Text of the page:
Kidney Res Clin Pract > Volume 43(2); 2024 > Article
Park, Ryou, Chae, Kim, Lee, Kim, Choi, and Park: Rapidly progressive glomerulonephritis in the elderly: a case of cryoglobulinemic glomerulopathy not to be overlooked
In very elderly patients (older than 80 years), the primary cause of rapidly progressive glomerulonephritis (RPGN) is pauci-immune necrotizing glomerulopathy, followed by anti-glomerular basement membrane (GBM) disease, amyloidosis, light-chain cast nephropathy, and focal segmental glomerulosclerosis [1]. Cryoglobulinemic glomerulopathy (CG), a subtype of monoclonal gammopathy of renal significance (MGRS), is a very rare kidney disease with unknown incidence and prevalence [2]. Type 1 CG mainly consists of monoclonal immunoglobulin (mIg), mostly IgM. It is associated with plasma cell disorders while type II and III CG are classified as mixed cryoglobulinemia, including both IgG and IgM [2,3]. MGRS is characterized by the proliferation of B lymphocytes or small plasma cell clones producing mIg and its components (light or heavy chains) [2,3]. Most kidney diseases associated with MGRS are glomerular disorders with light-chain proximal tubulopathy and crystal-storing histiocytosis [3] classified by mIg deposits’ characteristics on electron microscopy. MGRS is defined as nephrotoxic mIg deposition in the kidney that can lead to acute kidney injury [4,5]. Proactive etiological evaluation through kidney biopsy is required for MGRS presenting with RPGN features, as the treatment should be determined by the nature of the clone producing nephrotoxic mIg [6]. We report a case of MGRS associated with type I CG in an elderly patient with diabetic nephropathy demonstrating a distinct RPGN pattern.
An 86-year-old female patient was referred from a local clinic due to uncontrolled generalized edema. The patient’s significant medical history included 7 years of diabetes and hypertension, both managed with medication. She reported the use of diuretics prescribed at a private clinic for a month without achieving control of her edema. One month prior, her serum creatinine level was 1.07 mg/dL and her estimated glomerular filtration rate was 47 mL/min/1.73m2. She appeared to be in good health except for presenting with grade 4 edema in both legs. Upon admission, her serum creatinine had risen to 2.36 mg/dL (Table 1). Initially, her albumin/globulin (A/G) ratio showed a reversal at 0.89. Serum electrophoresis did not show a monoclonal peak with increases in alpha 1/2 and beta 2 fractions (Fig. 1A). Serum immuno-fixation electrophoresis also showed a normal immune typing pattern. Her serum cryoglobulin was negative. Autoimmune tests were negative for anti-GBM antibody (Ab), anti-proteinase 3 Ab, and anti-myeloperoxidase Ab. Despite treating the edema with diuretics, there was no improvement. Renal ultrasound and computed tomography revealed decreased sizes of both kidneys with echogenicity consistent with renal parenchymal diseases (Fig. 1C). Kidney biopsy was delayed due to the patient’s advanced age, existing diabetic kidney disease, and aspirin use. However, as there was no response to steroid treatment and RPGN was clinically suspected, a kidney biopsy was eventually performed. The kidney biopsy revealed type I CG combined with diabetic nephropathy that was consistent with membranoproliferative glomerulonephritis characterized by increased mesangial matrix and cellularity having lobular accentuation and hyaline intraluminal thrombi (Fig. 1D). Immunofluorescence microscopy showed intraluminal staining for Ig lambda (Fig. 1E), but not kappa (not shown). There also was intraluminal staining for C1q and a predominance of IgM (Figs. 1F, G, respectively). Electron microscopy revealed that some tubular basement membranes were thickened and multilayered. The interstitium exhibited edema and infiltration by inflammatory cells (Figs. 1H, I). Bone marrow biopsy demonstrated no evidence of monoclonal hematologic disease (Fig. 1J). Since initiating continuous renal replacement therapy (CRRT) due to her rapid deterioration of renal function with metabolic acidosis and oliguria, the patient’s condition continued to worsen throughout her admission.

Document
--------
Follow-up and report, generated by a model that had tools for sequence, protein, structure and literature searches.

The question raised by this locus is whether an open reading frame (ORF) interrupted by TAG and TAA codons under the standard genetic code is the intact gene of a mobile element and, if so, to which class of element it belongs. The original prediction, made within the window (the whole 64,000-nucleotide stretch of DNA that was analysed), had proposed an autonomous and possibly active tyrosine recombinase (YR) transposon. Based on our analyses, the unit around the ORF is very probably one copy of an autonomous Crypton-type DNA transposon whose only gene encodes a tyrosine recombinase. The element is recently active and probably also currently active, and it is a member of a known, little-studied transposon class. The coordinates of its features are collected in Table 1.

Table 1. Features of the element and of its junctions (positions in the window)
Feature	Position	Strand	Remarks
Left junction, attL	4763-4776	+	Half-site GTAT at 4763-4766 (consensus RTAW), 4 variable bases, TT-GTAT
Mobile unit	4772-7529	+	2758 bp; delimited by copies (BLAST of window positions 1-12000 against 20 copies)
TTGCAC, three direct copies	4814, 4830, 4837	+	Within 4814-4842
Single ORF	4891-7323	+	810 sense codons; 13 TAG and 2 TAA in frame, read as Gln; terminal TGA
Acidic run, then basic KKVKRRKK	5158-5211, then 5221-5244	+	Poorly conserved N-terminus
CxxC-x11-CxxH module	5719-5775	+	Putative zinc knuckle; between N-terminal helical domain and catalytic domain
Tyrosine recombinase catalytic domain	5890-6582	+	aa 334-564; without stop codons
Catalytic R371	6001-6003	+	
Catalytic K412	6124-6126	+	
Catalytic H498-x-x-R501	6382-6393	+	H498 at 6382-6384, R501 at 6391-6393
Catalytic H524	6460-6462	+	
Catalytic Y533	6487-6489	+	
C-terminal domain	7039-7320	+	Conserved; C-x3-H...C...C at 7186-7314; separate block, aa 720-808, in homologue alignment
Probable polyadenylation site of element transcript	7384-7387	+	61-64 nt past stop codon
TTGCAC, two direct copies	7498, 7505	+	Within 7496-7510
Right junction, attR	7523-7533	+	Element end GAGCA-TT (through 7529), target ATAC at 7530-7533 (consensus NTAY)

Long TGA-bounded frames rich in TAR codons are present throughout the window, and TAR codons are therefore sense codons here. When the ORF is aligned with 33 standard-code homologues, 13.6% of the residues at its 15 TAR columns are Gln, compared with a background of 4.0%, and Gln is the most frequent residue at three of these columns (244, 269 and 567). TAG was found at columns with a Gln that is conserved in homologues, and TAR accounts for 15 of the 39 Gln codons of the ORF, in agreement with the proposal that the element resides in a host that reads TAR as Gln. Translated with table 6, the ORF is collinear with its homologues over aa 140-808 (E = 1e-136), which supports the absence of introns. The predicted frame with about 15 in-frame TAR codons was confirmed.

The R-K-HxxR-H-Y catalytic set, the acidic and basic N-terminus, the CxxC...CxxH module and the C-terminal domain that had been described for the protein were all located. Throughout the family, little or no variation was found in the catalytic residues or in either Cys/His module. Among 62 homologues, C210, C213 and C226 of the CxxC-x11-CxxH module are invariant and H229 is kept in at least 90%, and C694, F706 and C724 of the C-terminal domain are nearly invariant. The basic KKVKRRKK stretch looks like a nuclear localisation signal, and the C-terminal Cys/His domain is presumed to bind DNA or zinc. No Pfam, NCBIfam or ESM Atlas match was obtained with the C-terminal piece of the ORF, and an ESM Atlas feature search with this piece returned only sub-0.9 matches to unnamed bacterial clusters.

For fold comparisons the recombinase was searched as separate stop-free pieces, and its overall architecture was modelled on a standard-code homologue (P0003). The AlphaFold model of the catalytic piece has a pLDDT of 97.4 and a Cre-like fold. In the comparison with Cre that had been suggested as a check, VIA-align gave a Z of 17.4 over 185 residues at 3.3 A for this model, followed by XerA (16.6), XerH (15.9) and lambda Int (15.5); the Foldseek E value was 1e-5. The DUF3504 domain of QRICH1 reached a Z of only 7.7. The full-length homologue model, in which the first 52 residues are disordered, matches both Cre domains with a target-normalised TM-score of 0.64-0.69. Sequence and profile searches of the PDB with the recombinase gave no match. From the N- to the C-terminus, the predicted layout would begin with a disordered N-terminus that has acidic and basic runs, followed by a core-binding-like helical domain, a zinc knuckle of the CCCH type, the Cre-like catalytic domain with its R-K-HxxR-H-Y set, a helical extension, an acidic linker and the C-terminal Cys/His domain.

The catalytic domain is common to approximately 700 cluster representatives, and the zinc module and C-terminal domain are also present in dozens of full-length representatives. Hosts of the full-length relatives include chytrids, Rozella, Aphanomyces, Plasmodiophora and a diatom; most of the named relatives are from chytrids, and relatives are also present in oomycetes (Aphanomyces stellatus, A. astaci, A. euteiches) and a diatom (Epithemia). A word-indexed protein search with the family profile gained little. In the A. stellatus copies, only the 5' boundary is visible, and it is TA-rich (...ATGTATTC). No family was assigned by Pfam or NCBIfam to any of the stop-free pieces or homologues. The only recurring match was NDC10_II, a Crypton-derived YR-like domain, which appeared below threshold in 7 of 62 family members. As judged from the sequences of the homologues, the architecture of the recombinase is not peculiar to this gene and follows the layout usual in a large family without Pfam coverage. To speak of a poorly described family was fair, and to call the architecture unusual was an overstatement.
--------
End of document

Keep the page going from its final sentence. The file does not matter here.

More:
Despite treatment with CRRT, plasmapheresis, and pulse methylprednisolone, her renal function, hematologic anomalies, and systemic condition deteriorated further (Fig. 1B). This report was approved from the Institutional Review Board of the Catholic University of Korea, Seoul St. Mary's Hospital (No.KC23ZASI0826). Written informed consent was obtained from the patient for the publication of this report including all clinical images.